Canadian Canoe Pilgrimage: Journeying toward dialogue, reconciliation and friendship

Monday, August 14, 2017

Jesuit Canoe Pilgrimage-2On 21 July 2017, a group of thirty men and women began a canoe pilgrimage of some 800 kilometers, inspired by the Calls for Action of the Truth and Reconciliation Commission. They departed from the historic sites of Sainte-Marie among the Hurons and the Canadian Martyrs Shrine in Midland, Ontario, and plan to arrive on 15 August, the Solemnity of the Assumption of the Blessed Virgin Mary, at the First Nations community of Kahnawake, near Montreal, which is also the home of the Shrine of Saint Kateri Tekakwitha and where she is buried. Following the traditional trading route used by the First Nations, as well as the 17th-century Jesuit missionaries and the early European explorers, including Samuel de Champlain, the canoeists have travelled through Georgian Bay, the French River, Lake Nipissing, and then the Mattawa and Ottawa Rivers, and will finish on the Saint Lawrence River.

Jesuit Canoe Pilgrimage-1Working in collaboration with their project manager, Jesuit seminarian Erik Sorensen, the participants are from different parts of the country, representing various Aboriginal groups, religious communities and other organizations. They include Mr. Kyle Ferguson, Advisor for Ecclesial and Interfaith Relations with the Canadian Conference of Catholic Bishops (CCCB), as well as Sister Eva Solomon, from the Henvey Inlet Ojibwe First Nation and a member of the Sisters of St. Joseph of Sault Ste. Marie, who is currently based in Winnipeg and is part of the Building Bridges program founded by the Western Assembly of Catholic Bishops and focuses on Indigenous inculturation and interculturation of faith.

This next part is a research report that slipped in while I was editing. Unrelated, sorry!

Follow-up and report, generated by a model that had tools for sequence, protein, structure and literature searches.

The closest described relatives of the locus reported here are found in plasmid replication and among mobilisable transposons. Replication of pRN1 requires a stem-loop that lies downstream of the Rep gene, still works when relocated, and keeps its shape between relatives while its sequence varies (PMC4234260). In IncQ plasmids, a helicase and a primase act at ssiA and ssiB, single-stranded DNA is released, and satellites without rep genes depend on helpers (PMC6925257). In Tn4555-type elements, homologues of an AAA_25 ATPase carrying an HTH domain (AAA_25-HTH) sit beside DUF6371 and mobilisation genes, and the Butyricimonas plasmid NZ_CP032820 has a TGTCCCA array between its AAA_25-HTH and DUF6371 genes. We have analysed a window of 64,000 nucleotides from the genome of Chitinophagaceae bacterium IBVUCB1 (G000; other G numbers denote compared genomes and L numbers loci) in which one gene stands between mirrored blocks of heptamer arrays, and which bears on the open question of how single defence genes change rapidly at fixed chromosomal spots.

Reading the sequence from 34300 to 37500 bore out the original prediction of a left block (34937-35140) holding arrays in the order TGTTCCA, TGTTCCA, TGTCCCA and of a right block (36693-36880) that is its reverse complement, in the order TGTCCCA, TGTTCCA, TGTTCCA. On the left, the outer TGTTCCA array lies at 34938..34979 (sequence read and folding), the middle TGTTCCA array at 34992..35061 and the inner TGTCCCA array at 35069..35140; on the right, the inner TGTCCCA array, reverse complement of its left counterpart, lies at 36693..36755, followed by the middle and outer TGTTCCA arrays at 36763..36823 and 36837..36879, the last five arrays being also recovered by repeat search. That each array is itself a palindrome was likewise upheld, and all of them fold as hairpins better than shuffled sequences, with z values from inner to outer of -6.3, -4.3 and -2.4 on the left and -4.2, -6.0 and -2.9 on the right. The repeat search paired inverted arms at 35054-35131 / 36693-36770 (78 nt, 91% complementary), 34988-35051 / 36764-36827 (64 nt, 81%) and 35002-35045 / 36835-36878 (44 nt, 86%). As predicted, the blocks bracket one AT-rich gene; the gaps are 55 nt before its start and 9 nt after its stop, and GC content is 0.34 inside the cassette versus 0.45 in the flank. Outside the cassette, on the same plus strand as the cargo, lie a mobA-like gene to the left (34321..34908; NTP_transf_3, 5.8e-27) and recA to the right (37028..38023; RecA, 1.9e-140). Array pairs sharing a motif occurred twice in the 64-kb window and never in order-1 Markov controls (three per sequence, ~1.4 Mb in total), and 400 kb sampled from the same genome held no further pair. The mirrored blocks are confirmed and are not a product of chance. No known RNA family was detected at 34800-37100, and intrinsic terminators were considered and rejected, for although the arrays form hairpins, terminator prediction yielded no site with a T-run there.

Jesuit Canoe Pilgrimage-8Jesuit Canoe Pilgrimage-6Along their pilgrimage route, the canoeists are being greeted by local parish and Aboriginal communities as well as communities of religious life. Upon their arrival in Gatineau, on 9 August, they were welcomed by the Most Reverend Roger Ébacher, Archbishop Emeritus of Gatineau, on behalf of Archbishop Paul-André Durocher. The next day, the Most Reverend Terrence Prendergast, S.J., Archbishop of Ottawa, welcomed them to Notre Dame Cathedral Basilica for a Eucharistic celebration and a meal, followed by a talk by the Jesuit historian Father Jacques Monet on the history of the route they are following. The canoe pilgrimage is receiving considerable media coverage, has its own bilingual website,, and can be followed through a Facebook page entitled Canadian Canoe Pilgrimage.

Link to the Facebook page